At the same time, the number of homeowners putting their houses on the market dropped sharply. Many reasons have been suggested for this, including older owners’ reluctance to move or have strangers in their homes during the pandemic. As the market further tightened and mortgage interest rates began to rise, owners holding cheap mortgages realized that moving could mean much higher housing costs. Whatever the reasons, available housing inventory, which is highly seasonal, failed to rise as usual during the spring and summer of 2020, and then dropped precipitously during the second half of the year, just as demand was rising. By mid-2023, although the pandemic is no longer driving people’s behavior, inventory levels have remained far below pre-pandemic levels.
The increase in house prices and rents, however, has inserted the issue of affordability squarely into the American political mainstream. But what does that really mean for the millions of people impacted by high housing costs?
3. Can We Solve the Affordability Problem?
Housing costs have been on the national agenda for a long time. In 1978, the federal government created a Task Force on Housing Costs, whose final report opens by noting, “The high cost of housing is now a major problem for millions of Americans.” In 1990, President George H. W. Bush convened an Advisory Commission on Removing Barriers to Affordable Housing, while in 2004, president George W. Bush announced the America’s Affordable Communities Initiative to “bring homes within reach of hard-working families through regulatory reform.”
In some ways, nothing is new. But what people are talking about today is different in important ways. For one thing, the focus is overwhelmingly on a single issue: underproduction of new housing. While an undersupply of new housing, particularly in high-demand areas like coastal California, certainly contributes to the affordability problem, it is far from the only contributor to the problem. The focus, moreover, is on one specific obstacle to building more housing: land use regulation. That is, reforming the zoning laws local governments use to regulate the use, density, height, and other features of development.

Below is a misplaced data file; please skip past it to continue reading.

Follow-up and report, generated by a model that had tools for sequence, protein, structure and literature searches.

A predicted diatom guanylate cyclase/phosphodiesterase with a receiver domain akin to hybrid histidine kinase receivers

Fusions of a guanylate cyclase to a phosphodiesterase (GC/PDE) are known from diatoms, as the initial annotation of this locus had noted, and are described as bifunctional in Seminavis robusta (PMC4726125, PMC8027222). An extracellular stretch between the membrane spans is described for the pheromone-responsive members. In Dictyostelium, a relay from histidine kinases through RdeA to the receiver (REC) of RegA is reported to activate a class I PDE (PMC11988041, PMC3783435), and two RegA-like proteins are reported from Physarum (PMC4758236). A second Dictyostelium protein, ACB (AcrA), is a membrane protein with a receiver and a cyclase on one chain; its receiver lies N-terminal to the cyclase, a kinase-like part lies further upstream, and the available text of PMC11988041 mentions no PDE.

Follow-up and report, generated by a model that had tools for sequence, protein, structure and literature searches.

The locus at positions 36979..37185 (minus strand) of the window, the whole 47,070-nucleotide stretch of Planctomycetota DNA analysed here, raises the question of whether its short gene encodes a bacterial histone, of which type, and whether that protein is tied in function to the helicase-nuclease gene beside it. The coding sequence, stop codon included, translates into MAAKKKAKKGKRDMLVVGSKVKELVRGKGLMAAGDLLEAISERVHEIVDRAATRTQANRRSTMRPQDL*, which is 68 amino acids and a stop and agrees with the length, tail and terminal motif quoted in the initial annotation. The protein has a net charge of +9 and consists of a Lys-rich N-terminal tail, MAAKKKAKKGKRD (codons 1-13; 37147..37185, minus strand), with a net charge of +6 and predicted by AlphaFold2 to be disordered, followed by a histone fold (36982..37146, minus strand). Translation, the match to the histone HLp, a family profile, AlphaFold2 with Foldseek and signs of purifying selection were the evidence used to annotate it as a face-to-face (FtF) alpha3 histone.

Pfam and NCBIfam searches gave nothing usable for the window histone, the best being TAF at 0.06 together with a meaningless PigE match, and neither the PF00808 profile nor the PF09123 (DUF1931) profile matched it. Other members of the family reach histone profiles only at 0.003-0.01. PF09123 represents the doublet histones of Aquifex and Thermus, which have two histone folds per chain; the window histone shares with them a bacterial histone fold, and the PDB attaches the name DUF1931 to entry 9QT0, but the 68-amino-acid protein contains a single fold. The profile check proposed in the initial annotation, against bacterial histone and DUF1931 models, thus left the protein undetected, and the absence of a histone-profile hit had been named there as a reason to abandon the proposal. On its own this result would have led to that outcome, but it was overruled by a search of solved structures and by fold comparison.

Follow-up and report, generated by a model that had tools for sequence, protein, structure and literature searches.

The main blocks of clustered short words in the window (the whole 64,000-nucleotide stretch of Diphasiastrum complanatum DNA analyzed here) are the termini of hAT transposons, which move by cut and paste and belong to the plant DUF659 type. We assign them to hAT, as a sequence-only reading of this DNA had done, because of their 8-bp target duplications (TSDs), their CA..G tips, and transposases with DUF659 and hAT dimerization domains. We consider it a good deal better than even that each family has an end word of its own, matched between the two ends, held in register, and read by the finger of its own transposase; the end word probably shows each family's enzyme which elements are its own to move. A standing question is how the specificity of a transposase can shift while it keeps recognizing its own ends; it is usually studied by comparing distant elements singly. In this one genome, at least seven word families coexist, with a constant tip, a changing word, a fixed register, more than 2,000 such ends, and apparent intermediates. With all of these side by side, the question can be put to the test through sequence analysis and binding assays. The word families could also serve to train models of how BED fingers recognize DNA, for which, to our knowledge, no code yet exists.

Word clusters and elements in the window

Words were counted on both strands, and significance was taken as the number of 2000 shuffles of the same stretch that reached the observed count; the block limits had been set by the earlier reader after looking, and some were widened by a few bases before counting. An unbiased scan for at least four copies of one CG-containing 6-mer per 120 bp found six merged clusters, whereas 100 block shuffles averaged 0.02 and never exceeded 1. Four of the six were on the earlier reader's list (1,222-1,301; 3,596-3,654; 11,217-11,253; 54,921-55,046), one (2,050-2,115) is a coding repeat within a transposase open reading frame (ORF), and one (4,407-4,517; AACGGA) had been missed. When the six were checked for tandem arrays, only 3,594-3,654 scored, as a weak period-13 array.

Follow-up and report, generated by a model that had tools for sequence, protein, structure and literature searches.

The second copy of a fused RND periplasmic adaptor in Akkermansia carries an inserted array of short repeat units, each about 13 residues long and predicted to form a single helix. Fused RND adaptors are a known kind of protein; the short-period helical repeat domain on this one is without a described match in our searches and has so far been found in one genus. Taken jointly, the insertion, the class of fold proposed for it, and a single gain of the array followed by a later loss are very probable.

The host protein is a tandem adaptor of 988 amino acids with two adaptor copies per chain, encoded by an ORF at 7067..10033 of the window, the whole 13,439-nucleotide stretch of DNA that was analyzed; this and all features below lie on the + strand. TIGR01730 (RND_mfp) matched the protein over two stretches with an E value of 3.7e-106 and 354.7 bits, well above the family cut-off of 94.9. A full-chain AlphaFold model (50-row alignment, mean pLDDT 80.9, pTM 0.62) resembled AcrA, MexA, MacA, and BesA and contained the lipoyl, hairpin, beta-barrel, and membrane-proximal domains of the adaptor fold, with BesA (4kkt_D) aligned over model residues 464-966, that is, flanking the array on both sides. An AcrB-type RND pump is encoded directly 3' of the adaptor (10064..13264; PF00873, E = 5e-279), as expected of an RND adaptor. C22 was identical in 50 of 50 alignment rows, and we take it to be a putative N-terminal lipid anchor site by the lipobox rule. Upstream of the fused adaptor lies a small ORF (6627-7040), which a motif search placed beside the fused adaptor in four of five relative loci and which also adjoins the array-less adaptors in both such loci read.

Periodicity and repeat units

This focus has brought together an unusually broad coalition, including homebuilders, as well as so-called YIMBY (“Yes in My Back Yard”) pro-development voices from left to right, libertarian tech bros, and left-wing housing advocates. However, the voices of those who argue that other strategies are needed, particularly organizations serving very low-income families, are barely heard.
The strength of the coalition pushing for zoning reform has already led to major changes in many municipal zoning ordinances and in the laws of a number of state governments. The latter is most important, since under the American system of government, state law defines how towns and cities regulate land use. Any change to a state’s zoning laws, therefore, changes the ground rules for hundreds of separate municipal zoning ordinances.
The first notable state zoning change was in Oregon in 2019, when it amended the state zoning law to abolish exclusive single-family zoning in cities over 10,000 in population. All such cities must now allow two dwelling units where only one could be built before, while cities over 25,000 must allow at least four. Reforms have since been enacted in California, Connecticut, Maine, Massachusetts, Montana, New Hampshire, Rhode Island, Utah, Vermont, and Washington. Eight states now require municipalities to allow accessory dwelling units (ADUs)—second dwelling units on the same single family lot, either within the existing house or as a smaller separate structure—in single family zoning districts.